This is the rough second stage of the portrait of Heather. I don’t know what other painters call it but I refer to this stage as the “color block” step. That is, the colors are blocked in in approximately their final locations, but there are no details and there is lots of spill-over from one shape to the adjacent one. With these big flat blocks of color in place I can see where the problems are. And there are a bunch of problems.
First, the background colors are overpowering. I think I should be able to suggest tropical foliage without using such bright greens. Second, the deck is too big and too light in color. Third, where her dress meets the chair arm on the left side of the canvas is awkward. I painted the dress longer than it was in real life and now I’m confused about what to do with it at that spot…so, I will probably shorten the dress. Fourth, the shoes are too pink; I’ll tone those down. I painted the shoes with smaller straps, but I think I’ll make them have a looped tie on the top of the strap for interest.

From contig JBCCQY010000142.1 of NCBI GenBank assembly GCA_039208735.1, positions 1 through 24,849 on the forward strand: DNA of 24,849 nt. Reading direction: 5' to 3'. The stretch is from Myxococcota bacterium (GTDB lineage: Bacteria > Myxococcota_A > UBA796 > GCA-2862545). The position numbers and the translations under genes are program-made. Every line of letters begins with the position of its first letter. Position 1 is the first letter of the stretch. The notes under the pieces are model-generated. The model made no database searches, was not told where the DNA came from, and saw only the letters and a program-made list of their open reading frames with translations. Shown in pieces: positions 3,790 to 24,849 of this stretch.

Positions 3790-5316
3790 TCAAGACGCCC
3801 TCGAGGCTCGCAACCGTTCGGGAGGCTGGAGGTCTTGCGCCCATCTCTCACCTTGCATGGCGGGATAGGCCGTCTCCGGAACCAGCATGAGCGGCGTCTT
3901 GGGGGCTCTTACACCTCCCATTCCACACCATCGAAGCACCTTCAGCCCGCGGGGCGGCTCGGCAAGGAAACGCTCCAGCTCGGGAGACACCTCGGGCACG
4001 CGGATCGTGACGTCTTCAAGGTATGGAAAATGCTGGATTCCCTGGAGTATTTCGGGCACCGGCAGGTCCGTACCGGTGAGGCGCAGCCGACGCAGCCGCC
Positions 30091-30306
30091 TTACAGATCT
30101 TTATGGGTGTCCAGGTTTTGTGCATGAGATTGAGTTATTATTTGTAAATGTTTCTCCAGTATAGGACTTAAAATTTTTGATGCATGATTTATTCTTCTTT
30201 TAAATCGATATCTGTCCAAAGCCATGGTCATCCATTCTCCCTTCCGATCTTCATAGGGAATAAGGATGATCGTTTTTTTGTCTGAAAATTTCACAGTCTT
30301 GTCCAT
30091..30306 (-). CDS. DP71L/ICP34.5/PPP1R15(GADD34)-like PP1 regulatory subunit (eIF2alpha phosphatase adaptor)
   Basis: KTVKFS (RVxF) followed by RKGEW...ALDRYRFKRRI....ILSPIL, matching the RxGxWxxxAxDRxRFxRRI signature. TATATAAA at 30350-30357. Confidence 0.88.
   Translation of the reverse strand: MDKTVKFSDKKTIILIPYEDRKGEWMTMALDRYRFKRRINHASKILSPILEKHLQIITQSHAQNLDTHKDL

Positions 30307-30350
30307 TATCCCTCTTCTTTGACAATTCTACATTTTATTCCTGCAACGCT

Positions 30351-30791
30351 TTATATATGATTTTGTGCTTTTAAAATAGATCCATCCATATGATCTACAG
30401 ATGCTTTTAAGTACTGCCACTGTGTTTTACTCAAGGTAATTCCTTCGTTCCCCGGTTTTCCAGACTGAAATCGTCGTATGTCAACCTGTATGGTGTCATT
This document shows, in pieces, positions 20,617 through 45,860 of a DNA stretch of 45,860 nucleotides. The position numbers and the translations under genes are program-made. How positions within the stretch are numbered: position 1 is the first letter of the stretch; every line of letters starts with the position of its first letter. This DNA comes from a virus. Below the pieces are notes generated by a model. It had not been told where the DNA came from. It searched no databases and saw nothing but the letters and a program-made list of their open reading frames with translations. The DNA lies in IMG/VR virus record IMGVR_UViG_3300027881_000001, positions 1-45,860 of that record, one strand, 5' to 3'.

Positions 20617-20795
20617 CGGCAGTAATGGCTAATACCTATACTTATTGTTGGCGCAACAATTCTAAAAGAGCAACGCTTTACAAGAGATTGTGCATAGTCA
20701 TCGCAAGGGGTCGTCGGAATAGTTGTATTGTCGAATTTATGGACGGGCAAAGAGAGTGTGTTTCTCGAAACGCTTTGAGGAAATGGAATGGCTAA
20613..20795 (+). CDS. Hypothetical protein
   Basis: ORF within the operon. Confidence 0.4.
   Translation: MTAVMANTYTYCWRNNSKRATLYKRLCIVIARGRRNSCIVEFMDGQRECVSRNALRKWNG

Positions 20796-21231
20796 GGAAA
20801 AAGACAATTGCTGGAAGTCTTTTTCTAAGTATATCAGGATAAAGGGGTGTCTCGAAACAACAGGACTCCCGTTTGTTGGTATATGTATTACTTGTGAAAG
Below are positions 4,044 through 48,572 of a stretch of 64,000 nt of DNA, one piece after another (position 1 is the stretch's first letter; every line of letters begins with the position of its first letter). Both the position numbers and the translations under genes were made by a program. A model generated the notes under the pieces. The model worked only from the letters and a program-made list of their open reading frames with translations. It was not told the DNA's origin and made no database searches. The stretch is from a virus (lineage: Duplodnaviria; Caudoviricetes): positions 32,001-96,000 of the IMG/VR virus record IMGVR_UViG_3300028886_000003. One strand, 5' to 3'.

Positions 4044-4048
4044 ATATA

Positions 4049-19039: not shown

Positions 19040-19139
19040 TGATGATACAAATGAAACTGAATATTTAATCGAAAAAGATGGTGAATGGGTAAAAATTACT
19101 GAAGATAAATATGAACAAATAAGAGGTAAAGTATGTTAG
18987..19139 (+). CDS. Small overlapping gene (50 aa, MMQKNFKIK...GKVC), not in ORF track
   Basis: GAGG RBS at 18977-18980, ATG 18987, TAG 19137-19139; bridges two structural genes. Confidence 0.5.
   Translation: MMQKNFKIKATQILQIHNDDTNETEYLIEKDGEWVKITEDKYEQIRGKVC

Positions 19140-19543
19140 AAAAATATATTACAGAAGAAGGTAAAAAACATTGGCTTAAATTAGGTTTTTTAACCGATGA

Originally I wanted to make Heather’s dress white linen with an elaborate Victorian lace collar and cuffs on the short sleeves. What was I thinking?!? I can’t paint elaborate lace…and I don’t even want to try because it would detract from her beautiful little face. I’ll put 90% of my time and effort into painting her face, arms and legs…and let the clothes, chair, deck and foliage be sketchy and painterly.
The next step is to fix those problems I mentioned, above. If you, kind reader, see anything that you think should be changed or added, please use the comment form to tell me about it. I welcome all feedback. Really.